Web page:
__aSyNcId_<_mnMzZxDO__ __aSyNcId_<_jUHawEFx__ __aSyNcId_<_SI_zjfbB__

news | Science

1 in 7 Americans Are Voiding Their Apple Warranty Without Even Realizing It

When you buy a new electronic device, the first question out of your mouth is usually "what's the warranty on this?" More often than not, the salesperson gives you a generic speech about a 90-day guarantee, plus a one year warranty as long as it hasn't been dropped or gotten wet, and doesn't have anything to do with wear-and tear. Basically, you're S.O.L..

However, Apple offers an extended warranty called Apple Care, which gives consumers the option to pay for coverage that will last an additional three years. It covers accidental damage and provides a new device at a MUCH lower cost if it can't be fixed.

While it seems to cover absolutely everything, some customers have been completely turned away with their warranties voided, all because of something that 35 million Americans do every day.

So what are we missing in the fine print?

According to multiple sources, being a smoker can totally void your AppleCare warranty.

One customer wrote to Steve Jobs, CEO of Apple at the time, to try and get answers, but to no avail.

"I took my mid 2007 apple Macbook (black) into the Jordan Creek Apple Store in West Des Moines, Iowa, on Saturday, April 25th, because I had been experiencing some issues with it overheating, and figured the fan was bad. After some initial testing, they took the computer in for work under my AppleCare plan, which has over a year remaining on it. Today, April, 28, 2008, the Apple store called and informed me that due to the computer having been used in a house where there was smoking, that has voided the warranty and they refuse to work on the machine, due to “health risks of second hand smoke”. Not only is this faulty science, attributing non smoking residue to second hand smoke, on Chad’s part, no where in your AppleCare terms of service can I find anything mentioning being used in a smoking environment as voiding the warranty."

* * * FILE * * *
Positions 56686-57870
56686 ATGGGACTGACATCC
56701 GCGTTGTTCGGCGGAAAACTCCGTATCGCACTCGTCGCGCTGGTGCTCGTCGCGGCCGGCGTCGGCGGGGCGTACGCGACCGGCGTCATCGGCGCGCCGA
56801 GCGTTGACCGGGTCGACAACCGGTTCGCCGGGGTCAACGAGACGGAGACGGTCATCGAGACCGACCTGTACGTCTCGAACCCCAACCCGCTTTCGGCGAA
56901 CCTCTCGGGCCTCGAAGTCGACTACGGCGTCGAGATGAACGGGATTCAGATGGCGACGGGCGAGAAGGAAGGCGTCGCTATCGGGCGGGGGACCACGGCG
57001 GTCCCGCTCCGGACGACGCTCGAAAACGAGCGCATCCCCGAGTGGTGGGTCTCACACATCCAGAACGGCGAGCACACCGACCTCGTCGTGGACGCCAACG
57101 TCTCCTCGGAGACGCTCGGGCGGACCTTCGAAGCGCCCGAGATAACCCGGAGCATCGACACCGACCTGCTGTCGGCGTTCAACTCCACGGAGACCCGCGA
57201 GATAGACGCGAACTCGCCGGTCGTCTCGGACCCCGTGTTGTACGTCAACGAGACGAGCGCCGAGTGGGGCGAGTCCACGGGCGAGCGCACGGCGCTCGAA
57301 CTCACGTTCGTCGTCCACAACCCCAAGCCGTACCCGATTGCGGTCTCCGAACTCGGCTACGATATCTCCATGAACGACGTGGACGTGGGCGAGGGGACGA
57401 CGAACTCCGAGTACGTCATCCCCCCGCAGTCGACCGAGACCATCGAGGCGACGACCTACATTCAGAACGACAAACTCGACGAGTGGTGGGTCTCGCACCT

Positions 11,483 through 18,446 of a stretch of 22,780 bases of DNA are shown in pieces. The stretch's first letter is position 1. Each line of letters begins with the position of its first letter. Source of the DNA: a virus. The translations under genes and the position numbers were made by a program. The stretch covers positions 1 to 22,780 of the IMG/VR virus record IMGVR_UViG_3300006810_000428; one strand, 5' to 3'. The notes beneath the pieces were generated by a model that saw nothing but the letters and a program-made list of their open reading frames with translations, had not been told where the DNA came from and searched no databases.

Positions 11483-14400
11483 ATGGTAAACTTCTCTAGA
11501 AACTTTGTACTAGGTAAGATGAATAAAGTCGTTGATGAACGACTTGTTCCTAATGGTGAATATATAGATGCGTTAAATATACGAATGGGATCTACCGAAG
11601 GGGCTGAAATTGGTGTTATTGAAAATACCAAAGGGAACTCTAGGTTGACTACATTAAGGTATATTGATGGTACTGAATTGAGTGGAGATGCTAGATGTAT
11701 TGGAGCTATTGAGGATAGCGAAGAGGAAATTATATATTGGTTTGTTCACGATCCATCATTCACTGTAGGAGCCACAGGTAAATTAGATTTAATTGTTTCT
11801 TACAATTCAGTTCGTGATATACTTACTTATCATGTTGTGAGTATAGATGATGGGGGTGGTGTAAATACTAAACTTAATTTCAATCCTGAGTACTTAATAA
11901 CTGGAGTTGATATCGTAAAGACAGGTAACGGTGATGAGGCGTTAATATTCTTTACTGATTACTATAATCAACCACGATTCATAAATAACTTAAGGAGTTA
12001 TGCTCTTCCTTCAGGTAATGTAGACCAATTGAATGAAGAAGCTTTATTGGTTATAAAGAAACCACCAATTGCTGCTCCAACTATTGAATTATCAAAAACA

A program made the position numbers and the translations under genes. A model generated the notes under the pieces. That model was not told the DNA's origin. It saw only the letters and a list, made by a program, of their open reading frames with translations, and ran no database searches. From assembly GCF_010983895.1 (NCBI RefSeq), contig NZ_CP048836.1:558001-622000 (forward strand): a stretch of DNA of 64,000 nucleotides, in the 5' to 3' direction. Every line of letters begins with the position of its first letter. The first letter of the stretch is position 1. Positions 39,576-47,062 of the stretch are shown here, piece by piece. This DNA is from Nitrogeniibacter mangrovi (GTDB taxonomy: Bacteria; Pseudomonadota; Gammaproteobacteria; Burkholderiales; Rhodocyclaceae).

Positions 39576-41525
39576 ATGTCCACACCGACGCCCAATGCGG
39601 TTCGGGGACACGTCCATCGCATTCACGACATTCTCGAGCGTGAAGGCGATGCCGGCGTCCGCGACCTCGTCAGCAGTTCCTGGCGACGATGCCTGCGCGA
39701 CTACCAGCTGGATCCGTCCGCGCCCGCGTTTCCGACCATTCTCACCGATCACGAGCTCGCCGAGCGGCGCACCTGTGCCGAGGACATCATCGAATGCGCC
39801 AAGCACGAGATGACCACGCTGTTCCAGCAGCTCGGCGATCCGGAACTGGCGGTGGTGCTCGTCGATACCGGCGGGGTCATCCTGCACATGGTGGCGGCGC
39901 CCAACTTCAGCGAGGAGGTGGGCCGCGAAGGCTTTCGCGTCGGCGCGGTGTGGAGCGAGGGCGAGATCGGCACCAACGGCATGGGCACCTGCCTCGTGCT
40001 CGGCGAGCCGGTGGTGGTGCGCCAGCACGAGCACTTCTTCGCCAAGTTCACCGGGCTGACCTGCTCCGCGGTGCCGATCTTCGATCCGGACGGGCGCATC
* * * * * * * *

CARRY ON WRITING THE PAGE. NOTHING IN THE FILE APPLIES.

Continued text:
Another customer experienced a similar problem.

"I bought an iMac for my son (for school) along with the extended AppleCare warranty. A month ago, it quit working. My son took it to the authorized Mac service center. The “tech” informed him it would be ready in 48-72 hours. Five days go by and he’s heard nothing, so I called. They informed me that his computer can’t be worked on because it’s contaminated. When I asked for an explanation, she said he’s a smoker and it’s contaminated with cigarette smoke which they consider a bio-hazard! I checked my AppleCare warranty and it says nothing about not honoring warranties if the owner is a smoker. The AppleCare representative said they defer to the technician and my son’s computer cannot be fixed at any Apple Service Center due to being listed a bio-hazard. This computer cost approx. $3,000, with the extended warranty. I’m all for destroying cigarettes and putting big tobacco out of business (yes, I’m a reformed smoker), but to label a computer a bio-hazard because one is a smoker is going a bit too far in regulating who can have the warranty they purchased honored. Shouldn’t there be some disclaimer stating that they won’t honor warranties from smokers?"

Apple has turned away customers who have extended warranties due to their smoking habits, claiming it's too dangerous for their technicians to be subjected to any potential residue inside the device. With 1 in 7 Americans smoking cigarettes, this could mean a lot of warranties getting voided without the consumer's knowledge.

So how can they get away with this?

While some consumers say this was never brought up, another pointed out a very tricky clause in the terms and conditions.

"Note the "other external causes"," the user said. "It appears that the damage is not covered if it is determined to have been caused by smoke (which would be an external cause). It probably wouldn't matter if it was cigarette or BBQ grill smoke... Personally, I would not subject any electronic equipment to smoke."

Almost 54,000 people die every year from second-hand smoke exposure. It's possible that Apple is just trying to keep their employees safe and not risk their health. If every computer that came in was subjected to smoke damage, it could do some serious damage to a person's health.

Do you think Apple has a right to void a person's warranty if they're a smoker?

Let us know!

__aSyNcId_<_TMnAmmrI__